Why I Handwrote My Book Manuscript
So, I finally finished my second draft of my manuscript.
I know! I’m feelin’ pretty legit right now holding it! But, here’s the kicker: I hand wrote all of it.
Why on earth would you do that?
The honest answer: because I don’t have a printer and I wasn’t willing to pay 25 cents per page to print at the library.
My retrospective answer: because handwriting has been proven to increase cognitive development. To me, I feel like that’s because it makes us encourages the five things below.
It forces you to pay attention to your words.
Most of us were trained to skim our work and only attune to keywords that help us get a gist of the text. But, our handwriting may not always be as legible as the artificial block text; thus, the odd shapes catch our eyes, force us to process the shape, and forces us to pay attention just a little more than normal.
Why is that important?
It helps you notice and mark down errors.
Because you’re paying more attention to your words, you tend to notice more of your errors. Typically, more of the editing ones—spelling, punctuation, line breaks, format, etc. If you want to catch fluency issues to your writing, have someone else read it aloud to you. If your handwriting is legible enough, they’ll respond just like you and catch your errors. Not to mention, when something sounds off (awkward sentence, unrealistic dialogue, missing word…) it becomes very noticeable, very quickly.
While reading it aloud is not exclusive to handwritten, handwritten definitely means
It’s easier to revise.
See what I did there? Smooth as hell, if I say so myself.
Anyway, handwriting your manuscript really does make revision and reorganization easier. When it comes to revision, we do more than find small errors; it’s more when you get into voice, fluency, content, imagery, style, and everything that really only you can correct, though others can make suggestions. We also pay more attention to our writing and make sure we didn’t miss or duplicate a sentence (a common problem when copying your work), so we end up re-reading our work immediately preceding our progress and things stand out more to us. Then, it’s as simple as making a note in the margin or correcting it right there. And, when you correct it, the older version is still easily accessible so you can compare your work and make your final decision.
Speaking of final decisions, we always think we have our work figured out–until we review it. S when you handwrite the draft,
It’s easier to reorganize.
It’s almost inevitable that when you get past your first draft, you decide that you need to add, cut, and move things to make your story more fluent, engaging, etc. If you’ve ever tried to move a paragraph or page in a document on the computer (or even worse, on your touch screen device) you probably know the horror of accidentally cutting in between a word at the wrong spot, deleting the text, losing where you started and ended, etc. You can be smart and do separate documents to organize, but you gotta have the patience, attention span, and device processing speed to switch between all the documents. But, when it’s handwritten, just mark the text with a highlighter, label it, and mark in the new spot where you will move it. Or, if you have a list of the chapters, you can mark where you inserted your work. If it’s on a separate page, just physically move that page to the new spot, etc, etc. You got quicker options, basically.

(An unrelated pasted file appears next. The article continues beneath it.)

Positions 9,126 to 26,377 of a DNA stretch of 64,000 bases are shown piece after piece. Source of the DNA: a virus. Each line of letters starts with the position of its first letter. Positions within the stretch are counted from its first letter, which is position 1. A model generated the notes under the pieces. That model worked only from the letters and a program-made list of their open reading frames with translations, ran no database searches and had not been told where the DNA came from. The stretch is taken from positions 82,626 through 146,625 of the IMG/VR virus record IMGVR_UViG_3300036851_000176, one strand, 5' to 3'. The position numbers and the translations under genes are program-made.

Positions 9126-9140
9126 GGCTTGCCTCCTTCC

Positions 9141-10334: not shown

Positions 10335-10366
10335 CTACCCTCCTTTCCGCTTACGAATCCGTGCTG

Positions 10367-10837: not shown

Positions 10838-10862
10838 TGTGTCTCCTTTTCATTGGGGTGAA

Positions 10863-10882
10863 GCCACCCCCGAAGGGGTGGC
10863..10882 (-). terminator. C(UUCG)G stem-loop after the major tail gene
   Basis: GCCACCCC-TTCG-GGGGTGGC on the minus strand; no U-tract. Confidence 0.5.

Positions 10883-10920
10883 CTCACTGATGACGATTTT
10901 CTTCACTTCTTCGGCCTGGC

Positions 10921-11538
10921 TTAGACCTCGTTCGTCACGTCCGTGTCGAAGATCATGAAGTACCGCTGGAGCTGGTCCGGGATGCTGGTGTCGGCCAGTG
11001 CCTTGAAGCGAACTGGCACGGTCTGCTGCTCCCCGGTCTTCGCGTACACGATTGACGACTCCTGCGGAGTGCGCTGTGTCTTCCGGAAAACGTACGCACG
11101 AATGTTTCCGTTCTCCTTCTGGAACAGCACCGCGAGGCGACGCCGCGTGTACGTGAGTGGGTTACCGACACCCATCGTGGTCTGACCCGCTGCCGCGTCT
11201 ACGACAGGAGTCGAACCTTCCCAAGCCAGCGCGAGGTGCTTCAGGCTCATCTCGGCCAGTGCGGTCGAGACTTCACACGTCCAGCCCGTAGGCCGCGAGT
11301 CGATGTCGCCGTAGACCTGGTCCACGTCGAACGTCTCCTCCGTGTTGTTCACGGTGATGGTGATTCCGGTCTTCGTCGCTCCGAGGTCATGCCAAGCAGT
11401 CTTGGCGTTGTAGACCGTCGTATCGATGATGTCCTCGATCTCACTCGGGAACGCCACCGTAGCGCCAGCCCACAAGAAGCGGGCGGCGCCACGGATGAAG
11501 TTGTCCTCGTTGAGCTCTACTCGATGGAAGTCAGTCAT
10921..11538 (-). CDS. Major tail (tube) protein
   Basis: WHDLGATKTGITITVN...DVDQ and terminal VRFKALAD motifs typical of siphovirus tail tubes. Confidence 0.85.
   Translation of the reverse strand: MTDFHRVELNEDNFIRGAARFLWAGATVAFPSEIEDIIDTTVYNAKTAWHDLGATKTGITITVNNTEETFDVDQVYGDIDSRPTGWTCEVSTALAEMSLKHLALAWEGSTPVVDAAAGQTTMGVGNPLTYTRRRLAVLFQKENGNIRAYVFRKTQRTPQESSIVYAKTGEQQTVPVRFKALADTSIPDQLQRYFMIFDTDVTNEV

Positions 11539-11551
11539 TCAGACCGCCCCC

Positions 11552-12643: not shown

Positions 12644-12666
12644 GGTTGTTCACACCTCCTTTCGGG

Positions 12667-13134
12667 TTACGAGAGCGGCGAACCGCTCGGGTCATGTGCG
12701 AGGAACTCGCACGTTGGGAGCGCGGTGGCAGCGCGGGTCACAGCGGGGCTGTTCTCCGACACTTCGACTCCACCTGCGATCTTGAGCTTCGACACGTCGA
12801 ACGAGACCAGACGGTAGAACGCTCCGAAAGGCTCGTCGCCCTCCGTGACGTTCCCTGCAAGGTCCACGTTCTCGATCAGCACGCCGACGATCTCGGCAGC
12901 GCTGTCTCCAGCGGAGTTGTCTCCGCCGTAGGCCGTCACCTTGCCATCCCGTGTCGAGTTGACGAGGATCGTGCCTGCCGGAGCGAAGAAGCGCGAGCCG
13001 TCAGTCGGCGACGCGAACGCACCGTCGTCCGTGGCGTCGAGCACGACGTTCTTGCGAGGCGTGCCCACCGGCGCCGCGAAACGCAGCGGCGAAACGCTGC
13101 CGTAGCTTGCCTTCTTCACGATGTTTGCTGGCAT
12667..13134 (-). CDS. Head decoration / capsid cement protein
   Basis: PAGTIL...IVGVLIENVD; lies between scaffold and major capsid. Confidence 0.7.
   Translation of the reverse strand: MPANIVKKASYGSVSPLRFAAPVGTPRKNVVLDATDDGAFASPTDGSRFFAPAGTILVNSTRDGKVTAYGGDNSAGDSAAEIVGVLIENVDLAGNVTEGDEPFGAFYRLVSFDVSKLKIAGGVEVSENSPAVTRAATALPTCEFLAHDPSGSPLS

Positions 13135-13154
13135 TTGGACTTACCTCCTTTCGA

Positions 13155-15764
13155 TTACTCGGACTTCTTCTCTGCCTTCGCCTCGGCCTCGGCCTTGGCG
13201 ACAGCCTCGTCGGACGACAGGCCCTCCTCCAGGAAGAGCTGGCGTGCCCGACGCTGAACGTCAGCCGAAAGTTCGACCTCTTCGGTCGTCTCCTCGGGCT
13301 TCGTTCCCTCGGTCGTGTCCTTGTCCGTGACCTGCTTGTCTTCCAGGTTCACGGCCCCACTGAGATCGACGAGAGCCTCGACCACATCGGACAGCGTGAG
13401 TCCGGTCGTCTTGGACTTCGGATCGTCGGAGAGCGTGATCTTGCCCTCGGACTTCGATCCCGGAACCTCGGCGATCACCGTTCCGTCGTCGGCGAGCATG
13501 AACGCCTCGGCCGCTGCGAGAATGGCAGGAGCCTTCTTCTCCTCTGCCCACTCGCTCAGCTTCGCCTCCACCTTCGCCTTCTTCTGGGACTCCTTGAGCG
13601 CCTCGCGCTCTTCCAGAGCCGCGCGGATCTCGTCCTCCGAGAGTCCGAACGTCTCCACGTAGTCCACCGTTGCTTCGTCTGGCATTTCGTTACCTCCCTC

With that kind of quick, physical movement,
It keeps you more focused because it’s more hands on.
About 15% of K-12 students are kinesthetic learners, meaning, moving around and doing things is most effective for helping them learn. You’re probably one of them, and find that if you do the activity, you’re more likely to retain the information. Yeah, typing is moving, and the cursor is going, too. But, that isn’t as much as writing, switching the page, marking things as your attention changes (especially if you change colors), moving the pages around, all of that activates more parts of your brain–kinesthetically and visually–so you tend to learn more about your work, as well. Not to mention,
You get to look back at the draft when you’re down and see how far you’ve come!
Nothing is more satisfying than being able to hold in your hand the book you wrote. No matter how thick the stack is, you feel so legit when you have that manuscript beneath your fingertips! You feel like those writers in the movies who type out the last period, pull the page from the typewriter roll, and place it with the rest of the stack that has been their obsessive passion.
Yeah, I did that.
And, I recommend you do the same. It takes more time, no doubt about it. But, I feel like by doing that, I really know my book inside and out at this point. Way more than I did when I did switching between separate pages.
I still prefer typing.
To each her own, my friend.
How do you do your drafts and polish up your manuscript?
Let us know in the comments below, and on social media, of course. Also, if you want more writer wisdom to help you through your manuscript, sign up for my newsletter to the right. Not to mention the free planning guides!